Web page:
But if speed of signature is really a concern (and the cost of generating the random prime $e$ not dominating) we may use the CRT method for a further saving by a factor $>3$:

  • one-time precomputations:
    • $q\gets n/p$
    • $q_\text{inv}\gets q^{-1}\bmod p$
    • $a_p\gets a\bmod p$ and $a_q\gets a\bmod q$
    • $b_p\gets b\bmod p$ and $b_q\gets b\bmod q$
    • $c_p\gets c\bmod p$ and $c_q\gets c\bmod q$
  • signature, after drawing $e$ and $s$
    • $d_p\gets e^{-1}\bmod(p-1)$ and $d_q\gets e^{-1}\bmod(q-1)$
    • $v_p\gets a_p^{\left(m\,d_p\bmod(p-1)\right)}\,b_p^{\left(s\,d_p\bmod(p-1)\right)}\,c_p^{d_p}\bmod p$, possibly per Shamir's trick
    • $v_q\gets a_q^{\left(m\,d_q\bmod(q-1)\right)}\,b_q^{\left(s\,d_q\bmod(q-1)\right)}\,c_q^{d_q}\bmod q$, possibly per Shamir's trick
    • $v\gets\bigl((v_p-v_q)\,q_\text{inv}\bmod p\bigr)\,q+v_q$

Note: especially when using the CRT method, the signature should be verified before being revealed, in order to avoid fault attacks. Also, side-channel attacks are to be feared.

If there's a much faster technique, I want to know.

We could use Euler's totient $\phi=(p-1)(q-1)$ as in the original RSA article;. But $\lambda=\operatorname{lcm}(p-1,q-1)$ is mathematically satisfying: $e\,d\equiv1\bmod\lambda$ is a necessary and sufficient condition for a valid $(e,d)$, when $e\,d\equiv1\bmod\phi$ is sufficient but no necessary. Using $\lambda$ is allowed by the de-facto RSA standard PKCS#1-v2.2, and mandated in FIPS 186-4.

This choice of parameters is dated, nowadays we'd want at least $\ell_n=2048$, $\ell_m=256$.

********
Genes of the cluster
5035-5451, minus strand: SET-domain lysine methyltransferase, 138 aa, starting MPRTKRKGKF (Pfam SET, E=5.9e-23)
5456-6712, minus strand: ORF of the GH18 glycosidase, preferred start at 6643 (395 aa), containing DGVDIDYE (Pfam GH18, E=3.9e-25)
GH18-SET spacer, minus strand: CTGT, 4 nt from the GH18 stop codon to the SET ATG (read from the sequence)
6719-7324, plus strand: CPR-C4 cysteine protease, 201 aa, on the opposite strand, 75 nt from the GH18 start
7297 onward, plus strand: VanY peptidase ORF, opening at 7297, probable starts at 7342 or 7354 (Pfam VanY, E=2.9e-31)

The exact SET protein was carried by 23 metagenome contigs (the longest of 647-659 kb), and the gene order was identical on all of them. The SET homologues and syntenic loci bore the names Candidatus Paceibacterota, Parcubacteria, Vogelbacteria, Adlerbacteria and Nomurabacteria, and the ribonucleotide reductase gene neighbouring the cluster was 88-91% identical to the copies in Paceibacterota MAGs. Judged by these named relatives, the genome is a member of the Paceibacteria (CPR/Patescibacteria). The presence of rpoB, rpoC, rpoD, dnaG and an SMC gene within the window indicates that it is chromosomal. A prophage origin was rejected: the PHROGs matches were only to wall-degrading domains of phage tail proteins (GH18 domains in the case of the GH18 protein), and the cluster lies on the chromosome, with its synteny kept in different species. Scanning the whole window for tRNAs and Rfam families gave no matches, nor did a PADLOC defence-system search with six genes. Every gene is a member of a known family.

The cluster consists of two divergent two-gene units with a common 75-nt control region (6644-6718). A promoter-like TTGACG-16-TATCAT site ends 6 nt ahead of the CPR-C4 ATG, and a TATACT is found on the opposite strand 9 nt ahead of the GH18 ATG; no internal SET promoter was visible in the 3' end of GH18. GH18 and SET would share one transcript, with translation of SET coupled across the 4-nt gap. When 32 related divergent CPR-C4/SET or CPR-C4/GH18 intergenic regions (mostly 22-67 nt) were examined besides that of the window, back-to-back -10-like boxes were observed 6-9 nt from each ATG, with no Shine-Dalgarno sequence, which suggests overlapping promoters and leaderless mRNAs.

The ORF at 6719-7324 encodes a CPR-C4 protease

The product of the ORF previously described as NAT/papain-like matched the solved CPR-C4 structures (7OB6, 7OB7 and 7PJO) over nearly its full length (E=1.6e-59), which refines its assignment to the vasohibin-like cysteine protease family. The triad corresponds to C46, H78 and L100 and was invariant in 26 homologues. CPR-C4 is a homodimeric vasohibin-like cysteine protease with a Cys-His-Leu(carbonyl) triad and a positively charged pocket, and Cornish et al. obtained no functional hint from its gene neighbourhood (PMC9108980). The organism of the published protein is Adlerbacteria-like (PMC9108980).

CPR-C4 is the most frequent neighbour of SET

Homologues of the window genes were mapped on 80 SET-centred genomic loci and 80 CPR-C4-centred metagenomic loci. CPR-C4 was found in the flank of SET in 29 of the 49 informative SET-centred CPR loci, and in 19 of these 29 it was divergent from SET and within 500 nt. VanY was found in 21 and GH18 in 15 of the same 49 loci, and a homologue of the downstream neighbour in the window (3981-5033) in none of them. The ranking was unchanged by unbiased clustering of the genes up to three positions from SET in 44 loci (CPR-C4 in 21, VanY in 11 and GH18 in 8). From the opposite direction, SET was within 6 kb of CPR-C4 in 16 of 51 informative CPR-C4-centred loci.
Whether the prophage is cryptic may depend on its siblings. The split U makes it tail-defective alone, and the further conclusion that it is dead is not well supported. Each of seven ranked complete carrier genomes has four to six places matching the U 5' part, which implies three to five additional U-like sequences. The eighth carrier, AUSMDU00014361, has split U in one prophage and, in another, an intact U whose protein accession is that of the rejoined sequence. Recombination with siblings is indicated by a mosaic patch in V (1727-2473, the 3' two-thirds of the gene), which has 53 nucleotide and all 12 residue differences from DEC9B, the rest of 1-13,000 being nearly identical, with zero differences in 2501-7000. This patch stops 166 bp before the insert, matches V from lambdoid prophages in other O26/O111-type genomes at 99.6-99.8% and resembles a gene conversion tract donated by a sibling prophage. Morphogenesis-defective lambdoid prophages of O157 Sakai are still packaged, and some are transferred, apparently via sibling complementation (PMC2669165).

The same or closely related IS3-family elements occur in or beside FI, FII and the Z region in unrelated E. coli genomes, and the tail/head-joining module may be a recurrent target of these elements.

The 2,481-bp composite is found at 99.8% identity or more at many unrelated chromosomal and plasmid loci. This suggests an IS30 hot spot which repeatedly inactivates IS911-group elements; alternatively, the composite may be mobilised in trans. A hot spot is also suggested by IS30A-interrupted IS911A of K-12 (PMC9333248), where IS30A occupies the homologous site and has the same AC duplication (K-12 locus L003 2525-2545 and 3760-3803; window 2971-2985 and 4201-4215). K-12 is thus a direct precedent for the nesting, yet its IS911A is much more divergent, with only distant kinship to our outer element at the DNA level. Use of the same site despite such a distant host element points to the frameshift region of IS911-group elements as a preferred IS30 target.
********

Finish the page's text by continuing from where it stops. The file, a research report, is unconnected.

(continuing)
• $\begingroup$ Thank you for the reply. From traditional RSA Φ=(1-p)(1-q) then de=1 mod Φ . However, from your post λ=n-p-[n/p]+1. Could you explain the difference? $\endgroup$ Commented Nov 6, 2022 at 14:48
  • $\begingroup$ From your reply, I guess that the value of e and d both are hidden from the user (Alice) by the Issuer. However, for selective disclosure (an advantage of CL signature), user (Alice) must know the value of d. But that creates the contradiction. user (Alice) can generate the original signature without the private key of the issuer. Please explain this problem. Reference: medium.com/finema/… $\endgroup$ Commented Nov 6, 2022 at 15:21
  • $\begingroup$ Originally, I want to implement the anonymous credential with selective disclosure using CL signature. I checked this article Efficient Attributes for Anonymous Credentials, author Jan Camenisch and Thomas Groß but could not understand. The reference article is helpful but not clear about the point explained on the top comment section. $\endgroup$ Commented Nov 6, 2022 at 16:34
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    $\begingroup$ @user1850484: I added a note on the use of $\lambda$. Sorry I'm not fully getting the rationale of Camenisch-Lysyanskaya Signature, and can't answer your other comments. $\endgroup$
    – fgrieu
    Commented Nov 6, 2022 at 17:10
  • $\begingroup$ Thank you. Could you explain this line: p, q primes (usual DL setup: q|p − 1). What is the relation between p and q ? Could you give an example. $\endgroup$ Commented Nov 6, 2022 at 17:14